Cyanobacteria (blue green algae) thrive and some species produce toxic peptides known as microcystins . Blue-greens grow well with increased turbidity in the water caused by the bloom of other algae from elevated levels of phosphorous and nitrogen. They survive temperatures from 5 to 30 C range, preferring the upper range, and can tolerate pHs from 6 to 9.  Most blooms occur in late summer and early fall, but this one affecting Toledo was early in the season. The 65 known varieties of microcystins are released after algae cells die. Once making through city filtration systems, microcystins cannot be destroyed by boiling water, and they persist for weeks or months. (sources: EPA  and Health and Welfare Canada) The compounds attack the liver by being potent inhibitors of a pair of enzymes that transfer phosphate groups , and they are also skin, eye and throat irritants.

There is a World Health Organization drinking water guideline of 1 microgram per L(µg/L or 1 part in a billion) for microcystins. This was put in place partly because in 1996, 101 dialysis patients became ill and 50 died from liver failure in Brazil after microcystins contaminated the water in one specific reservoir. The substances can also be tumor promoters  The proposed guidelines for the US, Australia and Canada are in the 1 to 1.5 µg/L range. In laboratory animals, the amount of microcystins in the liver that is associated with acute hemorrhagicshock syndrome is approximately 60 to 70 µg/kg of body weight, a very small but deadly concentration.

BMAA(beta-Methylamino-L-alanine) is another toxin released by some blue-green algae, and it bioconcentrates in the food chain. A hypothesis regarding its link to neurodegenerative diseases has been under investigation and has not been dismissed so far.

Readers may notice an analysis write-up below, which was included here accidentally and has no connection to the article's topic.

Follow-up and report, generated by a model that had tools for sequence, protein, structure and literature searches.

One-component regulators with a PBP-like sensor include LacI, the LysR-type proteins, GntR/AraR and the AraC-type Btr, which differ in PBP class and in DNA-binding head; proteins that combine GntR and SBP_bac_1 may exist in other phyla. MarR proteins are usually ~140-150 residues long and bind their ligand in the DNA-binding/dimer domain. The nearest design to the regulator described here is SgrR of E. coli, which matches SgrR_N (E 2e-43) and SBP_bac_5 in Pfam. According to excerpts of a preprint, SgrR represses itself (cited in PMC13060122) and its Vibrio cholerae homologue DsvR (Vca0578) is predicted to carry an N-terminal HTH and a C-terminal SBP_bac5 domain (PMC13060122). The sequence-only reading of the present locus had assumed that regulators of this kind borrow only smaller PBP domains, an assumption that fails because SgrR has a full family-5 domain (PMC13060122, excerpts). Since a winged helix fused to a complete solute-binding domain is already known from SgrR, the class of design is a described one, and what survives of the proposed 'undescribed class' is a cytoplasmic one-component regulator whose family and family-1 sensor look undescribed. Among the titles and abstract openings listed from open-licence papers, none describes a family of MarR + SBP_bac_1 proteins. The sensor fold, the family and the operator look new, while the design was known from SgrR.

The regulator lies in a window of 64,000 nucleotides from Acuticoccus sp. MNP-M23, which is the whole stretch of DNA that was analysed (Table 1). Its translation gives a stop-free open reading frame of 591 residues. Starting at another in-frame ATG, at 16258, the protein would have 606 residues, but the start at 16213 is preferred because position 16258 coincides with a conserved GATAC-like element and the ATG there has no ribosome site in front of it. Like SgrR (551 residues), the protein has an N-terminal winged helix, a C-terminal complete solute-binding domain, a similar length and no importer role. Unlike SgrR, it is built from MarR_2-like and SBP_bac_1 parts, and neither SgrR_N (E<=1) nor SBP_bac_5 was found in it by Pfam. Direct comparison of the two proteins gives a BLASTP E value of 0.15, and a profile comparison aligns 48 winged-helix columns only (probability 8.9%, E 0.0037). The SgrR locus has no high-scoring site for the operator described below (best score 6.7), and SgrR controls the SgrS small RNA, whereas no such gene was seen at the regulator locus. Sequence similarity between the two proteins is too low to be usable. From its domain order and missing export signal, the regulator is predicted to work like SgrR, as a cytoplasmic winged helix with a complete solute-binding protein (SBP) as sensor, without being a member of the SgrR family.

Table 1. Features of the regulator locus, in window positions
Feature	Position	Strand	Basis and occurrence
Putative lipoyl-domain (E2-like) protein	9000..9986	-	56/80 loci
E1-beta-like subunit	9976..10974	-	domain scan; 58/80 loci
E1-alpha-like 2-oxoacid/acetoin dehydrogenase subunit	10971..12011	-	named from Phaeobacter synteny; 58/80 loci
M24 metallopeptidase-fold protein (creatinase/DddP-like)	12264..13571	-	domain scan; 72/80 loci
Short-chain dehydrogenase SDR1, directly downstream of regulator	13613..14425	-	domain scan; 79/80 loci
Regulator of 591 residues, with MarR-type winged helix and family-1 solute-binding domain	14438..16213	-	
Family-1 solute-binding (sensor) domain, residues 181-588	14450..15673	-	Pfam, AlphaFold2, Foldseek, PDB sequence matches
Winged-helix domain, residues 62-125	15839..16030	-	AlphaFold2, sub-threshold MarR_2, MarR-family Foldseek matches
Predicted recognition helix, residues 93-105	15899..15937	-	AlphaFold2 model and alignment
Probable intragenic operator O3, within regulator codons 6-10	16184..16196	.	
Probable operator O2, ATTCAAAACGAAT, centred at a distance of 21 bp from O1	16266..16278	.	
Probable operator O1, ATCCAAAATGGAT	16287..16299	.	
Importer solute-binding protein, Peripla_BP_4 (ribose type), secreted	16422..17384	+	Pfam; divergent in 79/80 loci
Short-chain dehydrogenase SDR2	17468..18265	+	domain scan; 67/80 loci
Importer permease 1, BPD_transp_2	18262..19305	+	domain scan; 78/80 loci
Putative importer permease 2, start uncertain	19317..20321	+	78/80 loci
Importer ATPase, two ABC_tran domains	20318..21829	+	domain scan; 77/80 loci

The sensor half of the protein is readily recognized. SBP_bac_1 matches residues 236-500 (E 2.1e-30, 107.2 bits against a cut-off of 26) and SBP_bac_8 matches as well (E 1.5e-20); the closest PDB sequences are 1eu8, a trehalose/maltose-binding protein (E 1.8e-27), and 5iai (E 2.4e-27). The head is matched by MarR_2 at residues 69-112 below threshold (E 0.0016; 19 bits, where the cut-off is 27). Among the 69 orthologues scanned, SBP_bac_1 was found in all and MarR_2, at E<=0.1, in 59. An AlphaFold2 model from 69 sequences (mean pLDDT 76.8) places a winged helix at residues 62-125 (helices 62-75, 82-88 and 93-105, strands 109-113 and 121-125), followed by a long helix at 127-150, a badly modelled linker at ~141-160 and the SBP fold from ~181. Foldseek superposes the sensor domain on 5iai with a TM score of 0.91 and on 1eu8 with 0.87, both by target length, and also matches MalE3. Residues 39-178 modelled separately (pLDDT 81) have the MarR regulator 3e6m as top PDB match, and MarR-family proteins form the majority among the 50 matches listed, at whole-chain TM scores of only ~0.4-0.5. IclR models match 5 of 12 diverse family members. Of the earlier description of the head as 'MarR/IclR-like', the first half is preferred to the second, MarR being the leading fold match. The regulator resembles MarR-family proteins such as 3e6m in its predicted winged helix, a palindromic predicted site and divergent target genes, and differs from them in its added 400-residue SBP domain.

3 thoughts on “Toxic Bloom Despite Josh Bloom’s Rosy Views

Add yours

  1. Good article, Enrico. I always cringe when I hear someone claim to be “practical”, since it invariably means that they are more expedient regarding economic concerns, rather than dealing with the harsh realities of the environment.

    Josh also doesn’t impress me with his biological knowledge. He twice repeated a comment that he felt that human health was far more important that bee health. Apparently he doesn’t fully appreciate the fact that without the latter, there wouldn’t be the former. Regardless, having a PhD is no free pass when operating outside your area of expertise, so I don’t lend his opinions in such matters any more credence than any other layperson. To quote one of our favorite personalities … “we know how he votes”.


    1. Thanks for the encouragement. In doing the research for this post I was surprised to learn that the turbidity of the water created by other algae is what leads to the prosperity of the cyanobacteria. So of course there’s a connection to the phosphate and nitrate levels, but it’s indirect. I have not probed deeply into it, but if it’s exactly as my source describes, it’s an odd form of commensalism?….also on the subject of bees, i heard on public radio that what’s also stressing them aside from pesticides is that warmer springs get bees to surface earlier than the flowers they pollinate. Any truth to that Gerhard, from what you know?


  2. Sorry I didn’t respond sooner, but I didn’t see this comment. I’ve heard that bees are now emerging about 10 days earlier than usual since the 1970’s. I don’t know how significant something like this might be, because that would imply that plants are also emerging earlier. So while it may be true, I haven’t seen anything that indicates that it is causing any difficulties and certainly nothing on the order of CCD.